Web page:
Common European data spaces should make data findable, accessible, interoperable and re-usable (the ‘FAIR data principles’), while ensuring a high level of cybersecurity. Where there is a level playing field in the data economy, undertakings compete on quality of services, and not on the amount of data they control. For the purposes of the design, creation and maintenance of the level playing field in the data economy, sound governance is needed in which relevant stakeholders of a common European data space need to participate and be represented.

(3) It is necessary to improve the conditions for data sharing in the internal market, by creating a harmonised framework for data exchanges and laying down certain basic requirements for data governance, paying specific attention to facilitating cooperation between Member States. This Regulation should aim to develop further the borderless digital internal market and a human-centric, trustworthy and secure data society and economy.

Sector-specific Union law can develop, adapt and propose new and complementary elements, depending on the specificities of the sector, such as the Union law envisaged on the European health data space and on access to vehicle data. Moreover, certain sectors of the economy are already regulated by sector-specific Union law, which includes rules relating to the sharing of or access to data across borders or across the Union, for example Directive 2011/24/EU of the European Parliament and of the Council in the context of the European health data space, and relevant legislative acts in the field of transport, such as Regulations (EU) 2019/1239 and (EU) 2020/1056 and Directive 2010/40/EU of the European Parliament and of the Council in the context of the European mobility data space.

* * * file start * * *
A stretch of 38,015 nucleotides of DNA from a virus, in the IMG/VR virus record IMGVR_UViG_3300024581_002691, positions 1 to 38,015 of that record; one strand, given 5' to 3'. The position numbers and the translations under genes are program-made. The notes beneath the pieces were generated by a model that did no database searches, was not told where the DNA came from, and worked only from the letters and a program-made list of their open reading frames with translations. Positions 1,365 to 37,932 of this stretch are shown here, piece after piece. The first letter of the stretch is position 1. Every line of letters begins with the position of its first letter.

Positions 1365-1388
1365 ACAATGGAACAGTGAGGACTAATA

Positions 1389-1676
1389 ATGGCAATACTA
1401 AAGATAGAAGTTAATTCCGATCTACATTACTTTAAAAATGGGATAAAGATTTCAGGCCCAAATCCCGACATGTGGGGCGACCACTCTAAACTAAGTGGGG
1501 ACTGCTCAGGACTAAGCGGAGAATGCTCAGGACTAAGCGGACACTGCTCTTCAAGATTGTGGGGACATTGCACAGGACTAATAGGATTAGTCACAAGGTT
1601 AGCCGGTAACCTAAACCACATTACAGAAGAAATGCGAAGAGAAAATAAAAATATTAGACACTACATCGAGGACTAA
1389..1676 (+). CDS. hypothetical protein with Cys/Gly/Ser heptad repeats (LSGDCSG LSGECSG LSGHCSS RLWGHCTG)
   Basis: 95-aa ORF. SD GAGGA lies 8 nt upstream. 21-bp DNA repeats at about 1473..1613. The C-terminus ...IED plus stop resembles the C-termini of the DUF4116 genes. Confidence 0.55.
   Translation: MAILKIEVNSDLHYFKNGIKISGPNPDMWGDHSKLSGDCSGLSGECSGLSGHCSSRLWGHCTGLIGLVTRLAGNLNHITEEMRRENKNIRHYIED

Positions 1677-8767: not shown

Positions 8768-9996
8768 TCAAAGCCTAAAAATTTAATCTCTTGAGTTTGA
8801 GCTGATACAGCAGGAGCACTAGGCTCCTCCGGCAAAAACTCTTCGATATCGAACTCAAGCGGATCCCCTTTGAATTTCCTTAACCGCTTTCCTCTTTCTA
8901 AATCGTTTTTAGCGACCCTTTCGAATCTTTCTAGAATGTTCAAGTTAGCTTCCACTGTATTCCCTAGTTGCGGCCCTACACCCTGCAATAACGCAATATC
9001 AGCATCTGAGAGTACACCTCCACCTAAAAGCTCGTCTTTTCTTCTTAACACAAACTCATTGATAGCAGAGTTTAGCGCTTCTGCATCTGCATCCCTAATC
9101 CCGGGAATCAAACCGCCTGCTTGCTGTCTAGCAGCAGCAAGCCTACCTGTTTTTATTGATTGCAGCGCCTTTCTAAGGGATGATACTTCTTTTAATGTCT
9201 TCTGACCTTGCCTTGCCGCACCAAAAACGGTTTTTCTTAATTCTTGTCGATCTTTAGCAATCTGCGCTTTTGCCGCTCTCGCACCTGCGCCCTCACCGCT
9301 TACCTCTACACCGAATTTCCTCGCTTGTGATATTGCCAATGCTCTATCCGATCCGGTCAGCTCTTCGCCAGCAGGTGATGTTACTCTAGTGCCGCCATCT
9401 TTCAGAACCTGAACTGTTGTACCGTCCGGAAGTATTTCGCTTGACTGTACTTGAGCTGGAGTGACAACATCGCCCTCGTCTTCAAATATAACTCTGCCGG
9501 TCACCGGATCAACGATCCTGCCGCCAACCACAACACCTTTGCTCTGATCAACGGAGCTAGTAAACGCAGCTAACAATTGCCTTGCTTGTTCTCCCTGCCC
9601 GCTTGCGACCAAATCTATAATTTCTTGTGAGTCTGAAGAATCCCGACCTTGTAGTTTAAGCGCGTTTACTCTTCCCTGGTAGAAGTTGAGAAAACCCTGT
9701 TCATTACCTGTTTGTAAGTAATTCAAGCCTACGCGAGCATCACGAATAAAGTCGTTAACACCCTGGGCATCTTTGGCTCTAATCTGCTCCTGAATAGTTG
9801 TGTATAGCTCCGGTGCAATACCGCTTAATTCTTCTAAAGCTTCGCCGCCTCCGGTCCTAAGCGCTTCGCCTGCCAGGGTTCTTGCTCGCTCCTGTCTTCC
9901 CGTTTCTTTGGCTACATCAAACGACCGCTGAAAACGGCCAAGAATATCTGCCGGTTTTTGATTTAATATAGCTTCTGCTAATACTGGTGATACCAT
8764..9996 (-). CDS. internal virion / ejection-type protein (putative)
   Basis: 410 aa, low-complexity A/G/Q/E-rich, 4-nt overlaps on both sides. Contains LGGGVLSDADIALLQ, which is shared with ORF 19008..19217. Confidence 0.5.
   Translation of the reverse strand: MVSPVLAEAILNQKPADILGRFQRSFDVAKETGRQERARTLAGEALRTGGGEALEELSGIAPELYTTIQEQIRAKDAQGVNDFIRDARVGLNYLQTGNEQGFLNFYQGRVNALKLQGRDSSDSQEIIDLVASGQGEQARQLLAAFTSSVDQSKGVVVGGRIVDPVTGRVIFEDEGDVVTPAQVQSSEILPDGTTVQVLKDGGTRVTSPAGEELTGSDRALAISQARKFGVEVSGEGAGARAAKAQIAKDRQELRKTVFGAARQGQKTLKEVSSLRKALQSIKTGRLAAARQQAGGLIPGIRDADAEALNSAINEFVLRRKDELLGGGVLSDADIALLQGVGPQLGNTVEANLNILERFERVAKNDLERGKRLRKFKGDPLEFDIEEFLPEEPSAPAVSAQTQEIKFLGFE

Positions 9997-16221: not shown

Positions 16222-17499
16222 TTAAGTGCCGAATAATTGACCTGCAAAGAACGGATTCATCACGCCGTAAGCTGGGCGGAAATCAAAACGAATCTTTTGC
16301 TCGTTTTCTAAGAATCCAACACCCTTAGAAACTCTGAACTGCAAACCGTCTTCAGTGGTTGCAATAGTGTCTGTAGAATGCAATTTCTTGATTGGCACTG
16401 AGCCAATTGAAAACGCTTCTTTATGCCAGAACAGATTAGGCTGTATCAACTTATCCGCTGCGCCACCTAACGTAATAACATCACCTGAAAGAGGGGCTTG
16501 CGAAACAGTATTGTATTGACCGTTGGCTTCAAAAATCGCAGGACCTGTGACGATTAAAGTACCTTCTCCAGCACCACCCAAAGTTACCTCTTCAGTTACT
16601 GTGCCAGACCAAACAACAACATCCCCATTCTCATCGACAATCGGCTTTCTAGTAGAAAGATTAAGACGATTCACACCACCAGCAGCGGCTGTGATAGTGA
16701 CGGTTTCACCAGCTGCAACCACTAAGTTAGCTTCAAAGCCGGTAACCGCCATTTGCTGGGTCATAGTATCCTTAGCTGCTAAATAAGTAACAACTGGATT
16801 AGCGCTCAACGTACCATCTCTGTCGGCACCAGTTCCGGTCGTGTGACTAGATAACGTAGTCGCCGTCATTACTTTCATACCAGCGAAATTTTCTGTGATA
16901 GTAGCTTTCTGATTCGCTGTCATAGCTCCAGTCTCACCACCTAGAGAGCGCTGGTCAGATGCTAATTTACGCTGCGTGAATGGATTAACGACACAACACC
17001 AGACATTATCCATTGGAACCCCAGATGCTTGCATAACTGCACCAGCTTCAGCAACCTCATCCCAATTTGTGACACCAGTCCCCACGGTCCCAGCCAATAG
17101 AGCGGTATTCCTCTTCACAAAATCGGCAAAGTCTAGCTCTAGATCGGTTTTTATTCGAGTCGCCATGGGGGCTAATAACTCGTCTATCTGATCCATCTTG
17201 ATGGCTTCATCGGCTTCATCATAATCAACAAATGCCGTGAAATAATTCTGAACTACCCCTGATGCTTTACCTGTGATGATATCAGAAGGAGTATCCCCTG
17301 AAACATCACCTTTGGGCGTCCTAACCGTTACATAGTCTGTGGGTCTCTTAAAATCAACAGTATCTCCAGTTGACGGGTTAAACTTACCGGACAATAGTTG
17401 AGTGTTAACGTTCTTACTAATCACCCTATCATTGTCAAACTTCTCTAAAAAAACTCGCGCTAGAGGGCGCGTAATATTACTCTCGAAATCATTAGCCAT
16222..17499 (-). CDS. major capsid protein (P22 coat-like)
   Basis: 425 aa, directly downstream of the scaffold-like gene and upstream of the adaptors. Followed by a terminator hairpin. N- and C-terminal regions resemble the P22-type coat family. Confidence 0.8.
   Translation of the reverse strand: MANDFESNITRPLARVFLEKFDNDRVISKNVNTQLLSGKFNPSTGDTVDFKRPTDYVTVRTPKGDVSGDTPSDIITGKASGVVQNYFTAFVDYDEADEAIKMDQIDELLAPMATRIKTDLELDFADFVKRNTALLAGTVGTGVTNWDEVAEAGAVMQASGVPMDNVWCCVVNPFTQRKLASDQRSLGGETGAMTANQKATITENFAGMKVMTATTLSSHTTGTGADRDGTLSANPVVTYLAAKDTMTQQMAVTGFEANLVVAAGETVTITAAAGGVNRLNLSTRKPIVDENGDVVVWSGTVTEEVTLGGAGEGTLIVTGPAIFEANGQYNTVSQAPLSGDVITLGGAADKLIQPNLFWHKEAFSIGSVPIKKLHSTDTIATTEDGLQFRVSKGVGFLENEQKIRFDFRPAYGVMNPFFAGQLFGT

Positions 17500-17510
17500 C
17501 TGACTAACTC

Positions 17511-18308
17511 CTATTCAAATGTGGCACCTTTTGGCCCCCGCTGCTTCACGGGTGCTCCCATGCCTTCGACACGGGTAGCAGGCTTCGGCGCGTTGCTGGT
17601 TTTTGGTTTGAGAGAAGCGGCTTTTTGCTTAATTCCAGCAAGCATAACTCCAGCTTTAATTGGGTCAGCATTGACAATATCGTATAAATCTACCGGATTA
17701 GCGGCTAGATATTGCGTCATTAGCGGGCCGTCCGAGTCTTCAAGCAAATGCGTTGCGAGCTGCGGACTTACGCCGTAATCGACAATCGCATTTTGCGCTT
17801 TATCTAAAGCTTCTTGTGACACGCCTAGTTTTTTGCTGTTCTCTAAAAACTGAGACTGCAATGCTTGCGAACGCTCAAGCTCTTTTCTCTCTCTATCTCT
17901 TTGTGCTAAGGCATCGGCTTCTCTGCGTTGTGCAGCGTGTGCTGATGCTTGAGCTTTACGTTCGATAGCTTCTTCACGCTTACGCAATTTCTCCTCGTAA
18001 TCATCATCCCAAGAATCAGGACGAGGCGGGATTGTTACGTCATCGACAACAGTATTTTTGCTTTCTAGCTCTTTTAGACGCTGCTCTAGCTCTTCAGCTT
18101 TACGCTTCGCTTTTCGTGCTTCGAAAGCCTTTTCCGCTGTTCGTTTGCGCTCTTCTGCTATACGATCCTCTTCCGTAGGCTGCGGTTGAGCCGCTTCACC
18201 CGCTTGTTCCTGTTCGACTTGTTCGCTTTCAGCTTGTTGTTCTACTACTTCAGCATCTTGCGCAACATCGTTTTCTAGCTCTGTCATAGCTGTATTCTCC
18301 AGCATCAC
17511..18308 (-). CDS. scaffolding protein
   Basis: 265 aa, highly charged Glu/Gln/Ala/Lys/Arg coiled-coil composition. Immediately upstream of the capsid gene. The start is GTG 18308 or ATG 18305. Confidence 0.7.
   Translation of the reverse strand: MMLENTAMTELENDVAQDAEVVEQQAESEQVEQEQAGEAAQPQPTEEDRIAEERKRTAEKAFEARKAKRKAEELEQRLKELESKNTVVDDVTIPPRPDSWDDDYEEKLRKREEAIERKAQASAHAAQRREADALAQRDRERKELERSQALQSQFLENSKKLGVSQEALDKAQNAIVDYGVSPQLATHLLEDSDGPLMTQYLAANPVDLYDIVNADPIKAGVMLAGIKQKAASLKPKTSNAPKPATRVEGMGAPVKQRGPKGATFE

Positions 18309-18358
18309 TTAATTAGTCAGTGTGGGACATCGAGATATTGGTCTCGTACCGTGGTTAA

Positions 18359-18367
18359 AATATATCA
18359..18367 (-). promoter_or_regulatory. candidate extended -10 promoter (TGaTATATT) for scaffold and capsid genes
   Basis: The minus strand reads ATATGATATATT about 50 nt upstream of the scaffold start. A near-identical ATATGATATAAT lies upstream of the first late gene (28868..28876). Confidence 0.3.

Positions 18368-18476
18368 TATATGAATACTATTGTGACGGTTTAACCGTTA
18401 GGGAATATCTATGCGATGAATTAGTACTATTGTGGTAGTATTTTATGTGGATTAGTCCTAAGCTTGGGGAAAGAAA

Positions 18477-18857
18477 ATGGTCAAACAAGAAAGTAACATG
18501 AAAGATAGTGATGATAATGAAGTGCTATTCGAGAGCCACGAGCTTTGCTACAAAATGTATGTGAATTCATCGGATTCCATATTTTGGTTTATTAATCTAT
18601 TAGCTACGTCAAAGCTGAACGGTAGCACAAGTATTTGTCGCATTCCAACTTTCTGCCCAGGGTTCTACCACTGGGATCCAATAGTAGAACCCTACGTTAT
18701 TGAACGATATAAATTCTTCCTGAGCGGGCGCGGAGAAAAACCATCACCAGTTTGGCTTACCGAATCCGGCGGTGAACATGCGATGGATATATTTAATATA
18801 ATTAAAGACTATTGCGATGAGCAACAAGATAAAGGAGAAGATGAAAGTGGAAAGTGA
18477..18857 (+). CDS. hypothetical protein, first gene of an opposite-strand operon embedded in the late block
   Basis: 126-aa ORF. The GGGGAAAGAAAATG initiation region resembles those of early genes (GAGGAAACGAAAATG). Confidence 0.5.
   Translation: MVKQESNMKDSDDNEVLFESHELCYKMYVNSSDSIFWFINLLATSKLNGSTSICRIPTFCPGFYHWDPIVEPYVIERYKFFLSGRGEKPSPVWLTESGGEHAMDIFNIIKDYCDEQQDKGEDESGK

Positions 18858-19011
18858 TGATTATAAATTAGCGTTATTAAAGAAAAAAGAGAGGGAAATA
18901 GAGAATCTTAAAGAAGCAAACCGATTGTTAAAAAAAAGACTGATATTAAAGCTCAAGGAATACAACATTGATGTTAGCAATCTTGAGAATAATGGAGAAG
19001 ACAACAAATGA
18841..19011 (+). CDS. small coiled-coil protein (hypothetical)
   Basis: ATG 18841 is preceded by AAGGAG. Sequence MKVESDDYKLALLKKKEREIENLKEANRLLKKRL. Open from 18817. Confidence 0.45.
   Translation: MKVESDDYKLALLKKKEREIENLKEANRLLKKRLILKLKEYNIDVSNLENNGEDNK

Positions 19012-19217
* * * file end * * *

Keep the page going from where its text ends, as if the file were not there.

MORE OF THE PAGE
This Regulation should therefore be without prejudice to Regulations (EC) No 223/2009, (EU) 2018/858 and (EU) 2018/1807 as well as Directives 2000/31/EC, 2001/29/EC, 2004/48/EC, 2007/2/EC, 2010/40/EU, (EU) 2015/849, (EU) 2016/943, (EU) 2017/1132, (EU) 2019/790 and (EU) 2019/1024 of the European Parliament and of the Council and any other sector-specific Union law that regulates access to and re-use of data. This Regulation should be without prejudice to Union and national law on the access to and use of data for the purpose of the prevention, investigation, detection or prosecution of criminal offences or the execution of criminal penalties, as well as international cooperation in that context.

This Regulation should be without prejudice to the competences of the Member States with regard to their activities concerning public security, defence and national security. The re-use of data protected for such reasons and held by public sector bodies, including data from procurement procedures falling within the scope of Directive 2009/81/EC of the European Parliament and of the Council, should not be covered by this Regulation.